By Daniel Garrett
“If folks want to pop off and have opinions about what they think they would do, present a specific plan…” —Barack Hussein Obama, president (2009-2016)
What are the principles that are worth keeping, the foundation of civilization, deserving of attention of imagination and intelligence, of appreciation and cultivation, despite the assaults of personality, passion, and perversity?
What if all the things that are said about us, the best and the worst, are true, the most important assertions depending merely on perspective?
What are the solutions offered by artists, intellectuals, and scientists, as well as other independent folk, to current problems?
Romeo and Juliet in Harlem (2015), by filmmaker Aleta Chappelle, is a fresh interpretation of Shakespeare’s theatrical story of young love amidst communal hostilities, featuring strong performances in a contemporary and natural setting. The young suffer not only because of the hatreds of the old but also because of their own impulsive nature, ignorance and secrecy. Shakespeare’s play remains significant four hundred years after his birth, for his eloquent language, insight, wit, and tragic vision—time ratifies rather than reduces greatness. Who needs to hear an argument that the work of Shakespeare should be preserved? The work itself convinces. And yet making a case for conservatism is rarely done well—instead of discussing beauty and decency and dignity and intelligence and practicality and use as reasons to maintain institutions and rituals and works, arguments are put forth for how certain people do not belong or deserve the treasures of civilization. Those who are left on the margins, on the outside, begin anew—and sometimes that is creative and good, and sometimes that is crude, ignorant, and bad. Each case must be evaluated on its own. Each generation declares itself. The band Aye Nako, a group of young people making art, featuring bassist Joe McCann, vocalist/guitarist Mars Ganito (also known as Mars Dixon), guitarist Jade Payne, and drummer Angie Boylan, have produced the song collections Unleash Yourself (2013) and The Blackest Eye (2015), available on vinyl and via the internet, music collections that have tackled issues of self and self-division within a conflicted society and raised expectations and inspired comment: the first, a full album, Unleash Yourself, consisting of songs such as “Molasses” and “What’s Eating Me” and “Howl”; and the second, a short set, The Blackest Eye, included the songs “Leaving the Body,” “Killswitch,” “Human Shield,” “White Noise, “Worms,” and “Sick Fu*k.” The band has traveled around the United States, performing in a range of venues from basements to museums. Mars, a young person of color, grew up in the American south, but the band Aye Nako was born in Brooklyn—and the music has a complexity of influences.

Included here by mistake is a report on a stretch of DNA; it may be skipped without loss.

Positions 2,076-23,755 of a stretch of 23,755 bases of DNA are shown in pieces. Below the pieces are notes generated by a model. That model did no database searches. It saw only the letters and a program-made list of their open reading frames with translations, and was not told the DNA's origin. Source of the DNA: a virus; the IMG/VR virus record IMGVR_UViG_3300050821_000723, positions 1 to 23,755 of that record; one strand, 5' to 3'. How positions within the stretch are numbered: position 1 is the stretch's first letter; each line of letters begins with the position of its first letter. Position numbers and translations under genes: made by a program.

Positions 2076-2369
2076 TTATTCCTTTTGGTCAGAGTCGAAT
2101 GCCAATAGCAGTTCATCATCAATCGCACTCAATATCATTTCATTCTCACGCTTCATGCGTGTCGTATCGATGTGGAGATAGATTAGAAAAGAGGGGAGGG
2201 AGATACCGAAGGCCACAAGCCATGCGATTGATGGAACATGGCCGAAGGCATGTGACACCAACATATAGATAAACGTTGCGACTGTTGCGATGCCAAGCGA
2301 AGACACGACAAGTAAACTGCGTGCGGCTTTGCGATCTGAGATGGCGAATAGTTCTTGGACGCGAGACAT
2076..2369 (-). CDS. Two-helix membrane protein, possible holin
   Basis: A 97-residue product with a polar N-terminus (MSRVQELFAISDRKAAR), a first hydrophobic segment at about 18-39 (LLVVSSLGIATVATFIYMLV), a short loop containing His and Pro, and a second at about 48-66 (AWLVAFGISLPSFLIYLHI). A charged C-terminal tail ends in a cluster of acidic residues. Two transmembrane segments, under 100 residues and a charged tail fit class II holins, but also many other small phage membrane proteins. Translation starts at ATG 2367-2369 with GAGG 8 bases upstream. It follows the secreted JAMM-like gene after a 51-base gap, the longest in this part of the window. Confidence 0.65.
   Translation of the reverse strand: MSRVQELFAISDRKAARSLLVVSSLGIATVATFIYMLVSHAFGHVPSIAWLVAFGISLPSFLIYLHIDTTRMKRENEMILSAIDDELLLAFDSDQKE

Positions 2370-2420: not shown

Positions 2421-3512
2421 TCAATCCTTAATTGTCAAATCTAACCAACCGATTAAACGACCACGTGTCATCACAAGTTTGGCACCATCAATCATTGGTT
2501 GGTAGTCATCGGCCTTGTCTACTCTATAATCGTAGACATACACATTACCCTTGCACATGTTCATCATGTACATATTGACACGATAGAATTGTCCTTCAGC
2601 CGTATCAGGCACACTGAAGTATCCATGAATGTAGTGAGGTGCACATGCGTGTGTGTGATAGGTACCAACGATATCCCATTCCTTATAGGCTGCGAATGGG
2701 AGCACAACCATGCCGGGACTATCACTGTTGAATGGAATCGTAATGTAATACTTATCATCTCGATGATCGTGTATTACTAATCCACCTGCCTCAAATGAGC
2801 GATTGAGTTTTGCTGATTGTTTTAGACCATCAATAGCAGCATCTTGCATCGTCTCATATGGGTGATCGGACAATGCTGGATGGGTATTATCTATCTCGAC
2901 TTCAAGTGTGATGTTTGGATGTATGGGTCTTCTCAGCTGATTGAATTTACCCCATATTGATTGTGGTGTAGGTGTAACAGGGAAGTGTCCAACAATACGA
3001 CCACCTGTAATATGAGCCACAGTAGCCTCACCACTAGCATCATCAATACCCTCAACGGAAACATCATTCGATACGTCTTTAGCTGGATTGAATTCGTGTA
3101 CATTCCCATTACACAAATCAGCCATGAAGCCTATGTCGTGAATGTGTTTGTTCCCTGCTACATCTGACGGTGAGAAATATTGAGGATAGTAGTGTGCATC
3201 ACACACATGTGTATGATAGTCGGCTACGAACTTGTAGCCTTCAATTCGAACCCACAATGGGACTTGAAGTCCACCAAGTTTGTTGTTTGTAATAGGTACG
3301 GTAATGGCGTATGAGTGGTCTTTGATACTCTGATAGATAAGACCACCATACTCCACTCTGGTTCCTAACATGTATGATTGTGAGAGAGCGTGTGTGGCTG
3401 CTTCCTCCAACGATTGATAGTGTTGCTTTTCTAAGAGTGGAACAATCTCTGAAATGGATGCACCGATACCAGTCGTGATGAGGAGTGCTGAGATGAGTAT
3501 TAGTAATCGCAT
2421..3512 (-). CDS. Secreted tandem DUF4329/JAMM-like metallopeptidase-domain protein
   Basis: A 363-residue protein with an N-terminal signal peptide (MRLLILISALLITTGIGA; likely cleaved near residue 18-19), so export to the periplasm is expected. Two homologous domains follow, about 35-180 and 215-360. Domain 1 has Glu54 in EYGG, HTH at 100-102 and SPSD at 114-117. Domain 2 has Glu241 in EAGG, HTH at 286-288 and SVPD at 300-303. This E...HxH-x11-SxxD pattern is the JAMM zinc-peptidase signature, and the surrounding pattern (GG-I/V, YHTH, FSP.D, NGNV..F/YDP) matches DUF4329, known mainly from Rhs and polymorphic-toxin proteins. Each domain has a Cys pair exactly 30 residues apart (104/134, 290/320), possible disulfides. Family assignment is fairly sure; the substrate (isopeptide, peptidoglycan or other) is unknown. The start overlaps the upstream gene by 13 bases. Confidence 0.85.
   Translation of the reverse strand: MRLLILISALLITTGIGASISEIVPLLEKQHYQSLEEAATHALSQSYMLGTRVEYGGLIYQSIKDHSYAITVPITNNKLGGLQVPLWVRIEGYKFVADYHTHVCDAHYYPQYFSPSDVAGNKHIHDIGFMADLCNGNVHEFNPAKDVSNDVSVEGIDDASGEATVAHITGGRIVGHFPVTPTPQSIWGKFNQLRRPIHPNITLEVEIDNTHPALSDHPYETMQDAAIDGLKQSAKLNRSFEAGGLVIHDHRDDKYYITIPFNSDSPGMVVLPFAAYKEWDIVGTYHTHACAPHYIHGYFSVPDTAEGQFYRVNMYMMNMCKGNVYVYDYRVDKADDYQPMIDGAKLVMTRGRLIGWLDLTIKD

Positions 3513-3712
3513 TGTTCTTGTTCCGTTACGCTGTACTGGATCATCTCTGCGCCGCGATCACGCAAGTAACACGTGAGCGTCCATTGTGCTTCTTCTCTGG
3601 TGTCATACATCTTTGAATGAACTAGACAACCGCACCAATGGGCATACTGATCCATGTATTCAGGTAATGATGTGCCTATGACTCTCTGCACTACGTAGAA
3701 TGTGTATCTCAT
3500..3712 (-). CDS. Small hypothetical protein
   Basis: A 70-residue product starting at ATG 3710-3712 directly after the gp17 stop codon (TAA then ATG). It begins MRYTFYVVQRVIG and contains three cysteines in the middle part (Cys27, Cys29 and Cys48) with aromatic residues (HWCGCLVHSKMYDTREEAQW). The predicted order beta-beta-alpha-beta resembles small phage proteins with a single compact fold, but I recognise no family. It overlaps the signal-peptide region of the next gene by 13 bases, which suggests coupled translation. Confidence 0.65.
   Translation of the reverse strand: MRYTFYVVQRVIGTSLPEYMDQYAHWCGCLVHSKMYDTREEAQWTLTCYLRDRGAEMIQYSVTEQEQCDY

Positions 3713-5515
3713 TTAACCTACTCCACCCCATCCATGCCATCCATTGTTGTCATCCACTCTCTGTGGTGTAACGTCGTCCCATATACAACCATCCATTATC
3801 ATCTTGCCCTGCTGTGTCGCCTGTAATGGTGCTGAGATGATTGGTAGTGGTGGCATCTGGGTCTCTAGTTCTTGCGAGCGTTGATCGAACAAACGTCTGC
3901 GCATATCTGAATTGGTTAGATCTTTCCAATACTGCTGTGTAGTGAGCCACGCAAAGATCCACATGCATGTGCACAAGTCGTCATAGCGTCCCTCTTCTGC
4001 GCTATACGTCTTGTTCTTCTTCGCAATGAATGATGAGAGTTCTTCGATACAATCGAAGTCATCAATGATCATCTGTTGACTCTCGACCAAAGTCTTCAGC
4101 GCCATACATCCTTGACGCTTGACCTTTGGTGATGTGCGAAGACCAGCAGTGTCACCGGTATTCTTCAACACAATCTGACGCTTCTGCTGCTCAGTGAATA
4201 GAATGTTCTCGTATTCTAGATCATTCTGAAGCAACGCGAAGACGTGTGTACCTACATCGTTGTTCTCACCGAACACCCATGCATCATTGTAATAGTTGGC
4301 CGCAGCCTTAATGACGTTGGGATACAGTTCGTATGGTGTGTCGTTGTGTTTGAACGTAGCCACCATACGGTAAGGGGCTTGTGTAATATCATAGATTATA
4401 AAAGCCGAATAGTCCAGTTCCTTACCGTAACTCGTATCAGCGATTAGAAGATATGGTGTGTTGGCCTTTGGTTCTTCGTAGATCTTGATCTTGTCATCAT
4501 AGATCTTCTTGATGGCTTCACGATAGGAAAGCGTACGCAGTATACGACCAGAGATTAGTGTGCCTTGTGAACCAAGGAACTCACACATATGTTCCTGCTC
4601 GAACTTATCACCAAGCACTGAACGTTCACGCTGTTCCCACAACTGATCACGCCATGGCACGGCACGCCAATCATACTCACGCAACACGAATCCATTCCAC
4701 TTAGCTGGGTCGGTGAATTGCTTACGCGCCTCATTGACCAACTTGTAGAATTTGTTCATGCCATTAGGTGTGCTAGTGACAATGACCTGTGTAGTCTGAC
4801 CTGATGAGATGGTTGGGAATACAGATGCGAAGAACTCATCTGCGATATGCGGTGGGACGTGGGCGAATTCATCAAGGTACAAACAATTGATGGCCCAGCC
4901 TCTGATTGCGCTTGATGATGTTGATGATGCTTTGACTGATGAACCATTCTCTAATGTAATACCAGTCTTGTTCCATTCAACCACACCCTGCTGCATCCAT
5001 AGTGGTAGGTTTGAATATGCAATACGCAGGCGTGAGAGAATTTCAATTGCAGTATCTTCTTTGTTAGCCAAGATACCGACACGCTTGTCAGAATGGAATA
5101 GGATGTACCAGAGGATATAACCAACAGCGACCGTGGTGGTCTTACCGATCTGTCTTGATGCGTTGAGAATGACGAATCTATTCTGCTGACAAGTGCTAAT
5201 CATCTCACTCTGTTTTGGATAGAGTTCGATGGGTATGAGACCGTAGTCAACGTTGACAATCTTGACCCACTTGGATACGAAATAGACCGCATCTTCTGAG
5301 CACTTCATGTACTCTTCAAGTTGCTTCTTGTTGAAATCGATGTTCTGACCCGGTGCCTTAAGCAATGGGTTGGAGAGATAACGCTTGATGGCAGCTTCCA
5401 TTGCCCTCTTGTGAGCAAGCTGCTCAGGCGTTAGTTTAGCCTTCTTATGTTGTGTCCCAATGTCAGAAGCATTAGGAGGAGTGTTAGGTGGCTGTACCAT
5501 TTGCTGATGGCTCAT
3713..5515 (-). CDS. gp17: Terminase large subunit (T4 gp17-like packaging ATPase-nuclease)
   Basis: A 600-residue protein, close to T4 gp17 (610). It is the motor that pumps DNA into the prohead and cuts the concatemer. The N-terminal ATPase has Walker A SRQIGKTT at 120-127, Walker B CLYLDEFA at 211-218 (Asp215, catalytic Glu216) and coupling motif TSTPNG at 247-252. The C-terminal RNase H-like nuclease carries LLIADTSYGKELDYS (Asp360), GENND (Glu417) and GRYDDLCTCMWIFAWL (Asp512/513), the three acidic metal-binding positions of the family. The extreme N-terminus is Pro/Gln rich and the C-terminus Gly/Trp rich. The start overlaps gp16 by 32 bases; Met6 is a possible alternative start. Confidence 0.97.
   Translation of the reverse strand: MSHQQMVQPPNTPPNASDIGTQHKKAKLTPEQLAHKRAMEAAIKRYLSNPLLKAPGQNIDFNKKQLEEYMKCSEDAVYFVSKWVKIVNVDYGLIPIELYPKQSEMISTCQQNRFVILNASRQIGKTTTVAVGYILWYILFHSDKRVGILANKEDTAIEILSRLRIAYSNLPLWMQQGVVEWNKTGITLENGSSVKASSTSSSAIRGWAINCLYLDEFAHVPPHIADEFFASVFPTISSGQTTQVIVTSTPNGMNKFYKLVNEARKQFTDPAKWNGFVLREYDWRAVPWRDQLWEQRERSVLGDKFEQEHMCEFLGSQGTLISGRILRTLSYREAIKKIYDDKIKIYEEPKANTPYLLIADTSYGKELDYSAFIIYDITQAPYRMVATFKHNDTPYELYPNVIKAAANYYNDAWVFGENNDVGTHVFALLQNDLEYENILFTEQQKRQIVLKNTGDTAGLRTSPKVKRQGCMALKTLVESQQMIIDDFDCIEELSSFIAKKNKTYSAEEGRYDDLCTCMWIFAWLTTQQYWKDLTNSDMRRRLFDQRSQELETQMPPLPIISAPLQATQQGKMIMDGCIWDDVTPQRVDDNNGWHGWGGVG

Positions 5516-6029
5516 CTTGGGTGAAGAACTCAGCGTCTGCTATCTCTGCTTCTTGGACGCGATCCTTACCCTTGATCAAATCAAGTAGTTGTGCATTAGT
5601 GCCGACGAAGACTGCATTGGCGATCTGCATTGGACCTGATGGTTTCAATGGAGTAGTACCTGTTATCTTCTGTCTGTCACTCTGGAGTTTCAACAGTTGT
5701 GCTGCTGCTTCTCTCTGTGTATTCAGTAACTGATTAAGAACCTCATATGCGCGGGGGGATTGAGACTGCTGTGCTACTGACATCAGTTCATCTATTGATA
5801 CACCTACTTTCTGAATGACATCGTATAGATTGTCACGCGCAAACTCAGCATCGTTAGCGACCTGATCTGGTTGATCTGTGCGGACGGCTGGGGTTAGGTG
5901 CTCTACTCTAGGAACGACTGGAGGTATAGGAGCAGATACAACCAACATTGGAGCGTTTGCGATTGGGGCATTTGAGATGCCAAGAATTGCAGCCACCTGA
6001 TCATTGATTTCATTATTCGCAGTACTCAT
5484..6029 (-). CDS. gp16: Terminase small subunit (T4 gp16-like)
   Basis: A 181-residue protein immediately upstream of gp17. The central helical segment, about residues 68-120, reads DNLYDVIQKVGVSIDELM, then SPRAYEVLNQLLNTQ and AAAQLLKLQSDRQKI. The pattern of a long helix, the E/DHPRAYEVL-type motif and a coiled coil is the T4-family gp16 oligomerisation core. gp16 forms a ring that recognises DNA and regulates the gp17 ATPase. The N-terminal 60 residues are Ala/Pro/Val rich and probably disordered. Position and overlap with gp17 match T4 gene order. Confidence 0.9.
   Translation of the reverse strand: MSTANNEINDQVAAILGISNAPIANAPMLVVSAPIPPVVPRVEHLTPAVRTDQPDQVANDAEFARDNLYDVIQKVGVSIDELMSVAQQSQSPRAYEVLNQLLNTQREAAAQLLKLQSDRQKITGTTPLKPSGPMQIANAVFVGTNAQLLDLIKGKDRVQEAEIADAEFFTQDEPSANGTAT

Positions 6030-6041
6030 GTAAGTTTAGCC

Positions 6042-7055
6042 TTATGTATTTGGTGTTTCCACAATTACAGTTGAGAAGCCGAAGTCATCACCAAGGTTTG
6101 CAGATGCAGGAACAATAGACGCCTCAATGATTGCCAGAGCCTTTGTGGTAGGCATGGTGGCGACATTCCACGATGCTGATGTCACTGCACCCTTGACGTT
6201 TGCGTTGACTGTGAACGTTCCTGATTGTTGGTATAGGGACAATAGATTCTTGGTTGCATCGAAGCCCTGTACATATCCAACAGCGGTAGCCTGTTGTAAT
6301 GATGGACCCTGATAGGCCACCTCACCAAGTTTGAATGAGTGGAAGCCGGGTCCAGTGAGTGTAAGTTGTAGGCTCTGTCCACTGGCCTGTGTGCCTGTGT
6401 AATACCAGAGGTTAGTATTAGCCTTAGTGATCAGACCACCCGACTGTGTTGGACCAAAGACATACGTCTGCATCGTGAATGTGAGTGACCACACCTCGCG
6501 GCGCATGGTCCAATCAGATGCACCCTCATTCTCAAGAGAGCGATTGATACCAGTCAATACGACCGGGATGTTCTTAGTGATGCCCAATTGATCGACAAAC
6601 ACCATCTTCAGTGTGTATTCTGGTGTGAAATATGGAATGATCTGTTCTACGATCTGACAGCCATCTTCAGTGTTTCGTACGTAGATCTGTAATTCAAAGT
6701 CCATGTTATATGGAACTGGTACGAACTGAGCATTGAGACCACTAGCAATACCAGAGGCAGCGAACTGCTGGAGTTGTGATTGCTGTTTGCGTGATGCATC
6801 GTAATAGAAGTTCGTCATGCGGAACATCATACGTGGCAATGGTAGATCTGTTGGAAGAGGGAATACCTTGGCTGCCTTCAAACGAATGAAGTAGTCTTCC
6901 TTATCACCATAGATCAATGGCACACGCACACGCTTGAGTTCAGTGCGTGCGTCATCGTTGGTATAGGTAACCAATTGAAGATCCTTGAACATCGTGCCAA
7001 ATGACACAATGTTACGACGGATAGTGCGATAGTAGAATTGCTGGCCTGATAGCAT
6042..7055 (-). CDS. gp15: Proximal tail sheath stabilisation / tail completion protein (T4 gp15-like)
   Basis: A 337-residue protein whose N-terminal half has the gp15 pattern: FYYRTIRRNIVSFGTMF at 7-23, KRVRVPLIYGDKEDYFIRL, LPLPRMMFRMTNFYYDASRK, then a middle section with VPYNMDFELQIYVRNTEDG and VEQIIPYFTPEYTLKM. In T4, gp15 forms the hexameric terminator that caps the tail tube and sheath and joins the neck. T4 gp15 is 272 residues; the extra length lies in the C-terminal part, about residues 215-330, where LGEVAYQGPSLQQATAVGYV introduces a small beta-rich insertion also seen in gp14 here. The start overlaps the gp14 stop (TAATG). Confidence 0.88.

Everyone inherits a world—a climate of influences, a geography and population and sound and temperature of influences. Some inherit—or come to claim—more than one world of influences. What is most important, tradition or the new? What is most urgent, the demands and pleasures of the present, or the promise of the future? The poet and essayist June Jordan, commemorating time, affection and desire, and the ephemerality of significance, wrote, “Infinity doesn’t interest me / not altogether / anymore / I crawl and kneel and grub about / I beg and listen for / what can go away / (as easily as love) / or perish / like the children” in a poem collected in the book Things that I do in the dark: Selected Poetry (Random House, 1977), called “On a New Year’s Eve Poem.” The narrator in the poem refuses the perfection of the distant object or scene, insisting on intimacy, on the perception and pressure of body against body—life, movement. June Jordan asserts a different sense of what is of value, and in danger: “but all alive and all the lives / persist perpetual / in jeopardy / persist / as scarce as every one of us / as difficult to find / or keep / as irreplaceable / as frail / as every one of us,” going on to insist “all things are dear / that disappear.” I wonder: Is sensuality as significant as compassion, as significant as knowledge, as significant as justice, as significant as compassion, dignity, diligence, discipline, liberty, and logic? Is anything more significant than a love that enlightens and nurtures?
Every generation asks and answers its own questions—and those become culture, history. Aye Nako’s The Blackest Eye considers how matters of self are shaped by world matters—especially regarding class, race, gender, and sexuality. “Leaving the Body” has a fast, thrashing introduction, churning, dense, spinning, with lyrics in which a narrator recognizes bad influence but also claims her own spoilage. One person’s attitude infects another person’s attitude. “Killswitch” has a rough sound, and seems, again, not afraid of self-recrimination—which can seem a rare honesty, or worrying. One wants both self-confidence and self-criticism, and, finally, self-correction. “Human Shield” has terrific guitar riffs—clear and fast. “Where the hell would I be without the awful things inside me?” the singer asks. In “White Noise,” the narrator declares, “You’ve got me bleaching my skin. / Are you linked up with reptilians?” and “How will you ever tell us apart?” The white noise is propaganda. The white noise is mental disturbance. The white noise is music. The white noise is attractive and repellent. The texture of “Worms” is dull and propulsive, naïve and raging: “racial sentiments are spinning way off-track” is one line. “Sick Fu*k” considers the presumptions of social interactions, with pain and irritation—and, as well, contains an assertion of desire.